Until now, a consistent customer experience has failed for various reasons: On the one hand, the technology involved and processes along the customer journey are too heterogeneous to enable a consistent experience. On top of that, standard norms and guidelines for integrated end-to-end process chains are missing and - the customer himself, with his habits and preferences, often provides more reasons for a lack of consistency.
Customers like to act according to familiar patterns and interact with the company via various channels and touchpoints. These include telephone, e-mail, point-of-sale, web shop, online marketplace, newsletter, chat bots, Alexa or social media platforms. In this way, information is created at many different points in the company. The data is often managed in isolated silos and is difficult to put on a uniform basis. Furthermore, processes are often not organized across departments.
The following example shows how existing structures can hinder a consistent customer experience:
A retail company uses a newsletter to address its customers. The advertising department is responsible for sending the newsletter and for its content. Customers use their loyalty card when making purchases at the local stores, yet, the information about their purchasing behavior is not included in the newsletter and its personalization. The first problem is that the involved technology does not allow for data to be exchanged and enriched across systems via reliable interfaces. Another reason is the organisational structure itself: the loyalty department is responsible for the customer card. However, this department is not involved in the creation of the newsletter campaigns and has no access to the corresponding systems and data. Conversely, the findings from e-mail marketing do not find their way into the loyalty programme and cannot be used to optimize the customer loyalty program. As a result, valuable customer information remains untapped and the customer continues to receive general, non-personalised content in his newsletter.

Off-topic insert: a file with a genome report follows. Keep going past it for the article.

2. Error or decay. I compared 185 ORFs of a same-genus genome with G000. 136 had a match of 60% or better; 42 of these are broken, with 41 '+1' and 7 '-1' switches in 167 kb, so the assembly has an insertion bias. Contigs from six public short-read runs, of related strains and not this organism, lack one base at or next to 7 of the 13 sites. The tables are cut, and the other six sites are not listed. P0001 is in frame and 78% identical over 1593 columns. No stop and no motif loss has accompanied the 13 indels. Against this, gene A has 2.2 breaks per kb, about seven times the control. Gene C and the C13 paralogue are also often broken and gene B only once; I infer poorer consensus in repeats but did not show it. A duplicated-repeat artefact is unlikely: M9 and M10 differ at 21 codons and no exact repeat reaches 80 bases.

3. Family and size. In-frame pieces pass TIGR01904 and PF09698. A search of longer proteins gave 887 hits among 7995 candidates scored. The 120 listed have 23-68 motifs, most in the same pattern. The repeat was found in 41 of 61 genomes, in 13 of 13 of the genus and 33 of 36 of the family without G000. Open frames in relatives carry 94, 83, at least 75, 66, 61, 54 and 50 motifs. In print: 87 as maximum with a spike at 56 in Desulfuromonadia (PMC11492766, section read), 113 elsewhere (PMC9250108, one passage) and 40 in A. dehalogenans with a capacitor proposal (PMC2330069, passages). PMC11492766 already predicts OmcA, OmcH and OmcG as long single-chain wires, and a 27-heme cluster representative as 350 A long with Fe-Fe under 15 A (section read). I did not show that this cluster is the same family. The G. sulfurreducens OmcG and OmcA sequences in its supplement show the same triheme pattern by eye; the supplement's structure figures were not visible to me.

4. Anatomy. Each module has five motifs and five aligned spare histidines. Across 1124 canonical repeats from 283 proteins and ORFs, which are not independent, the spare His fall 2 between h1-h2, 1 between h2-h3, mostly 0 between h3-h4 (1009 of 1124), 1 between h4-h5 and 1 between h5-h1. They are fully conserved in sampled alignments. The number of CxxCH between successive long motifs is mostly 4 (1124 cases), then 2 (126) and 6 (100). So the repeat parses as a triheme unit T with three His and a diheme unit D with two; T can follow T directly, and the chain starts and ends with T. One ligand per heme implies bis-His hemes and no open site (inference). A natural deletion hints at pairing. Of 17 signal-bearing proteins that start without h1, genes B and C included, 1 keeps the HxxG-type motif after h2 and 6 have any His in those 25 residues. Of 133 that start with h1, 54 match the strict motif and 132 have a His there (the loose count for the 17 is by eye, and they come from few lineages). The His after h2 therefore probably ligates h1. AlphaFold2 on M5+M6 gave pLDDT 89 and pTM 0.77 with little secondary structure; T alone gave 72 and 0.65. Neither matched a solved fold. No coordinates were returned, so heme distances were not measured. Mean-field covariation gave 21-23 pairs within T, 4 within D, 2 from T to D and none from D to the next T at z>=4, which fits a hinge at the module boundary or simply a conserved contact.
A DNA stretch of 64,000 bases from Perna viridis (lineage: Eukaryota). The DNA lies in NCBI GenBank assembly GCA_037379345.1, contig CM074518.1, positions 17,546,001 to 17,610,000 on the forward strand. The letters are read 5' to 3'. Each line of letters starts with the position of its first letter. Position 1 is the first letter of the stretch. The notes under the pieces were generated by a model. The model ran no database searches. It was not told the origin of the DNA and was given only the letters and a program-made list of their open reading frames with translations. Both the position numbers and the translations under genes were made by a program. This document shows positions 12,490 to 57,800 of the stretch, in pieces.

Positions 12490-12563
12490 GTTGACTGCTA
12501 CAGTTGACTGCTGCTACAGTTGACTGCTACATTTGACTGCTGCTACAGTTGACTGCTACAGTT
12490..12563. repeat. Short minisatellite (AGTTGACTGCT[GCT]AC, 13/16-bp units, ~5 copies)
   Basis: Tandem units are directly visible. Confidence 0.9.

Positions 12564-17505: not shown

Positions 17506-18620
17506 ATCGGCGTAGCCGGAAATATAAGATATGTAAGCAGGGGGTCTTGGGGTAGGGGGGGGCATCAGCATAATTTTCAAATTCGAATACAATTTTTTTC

Merging and mutual exchange of data
The challenge is to overcome these hurdles, to consistently merge and mutually exchange data. This requires the ability to handle large amounts of data and to derive precise added value for the customer. A consistent strategy and clear guidelines for process organization and data management are required. Not only the knowledge about the customers is crucial, but also about the company's own processes and systems.
Also, compliance regulations such as the European Data Protection Regulation (GDPR) must be reliably observed. Clear data governance is therefore required. It must always be clear which information about the customer may actually be used and how this data is to be handled in a legally secure manner in individual cases.
In addition, a clean and consistent data basis is indispensable in order to draw important conclusions about customer-specific behaviour. This is the only way to increase transparency and achieve a 360-degree view of customer habits and preferences. In many companies, however, data silos, outdated systems and distributed responsibilities stand in the way of a holistic data strategy and thus a consistent customer experience.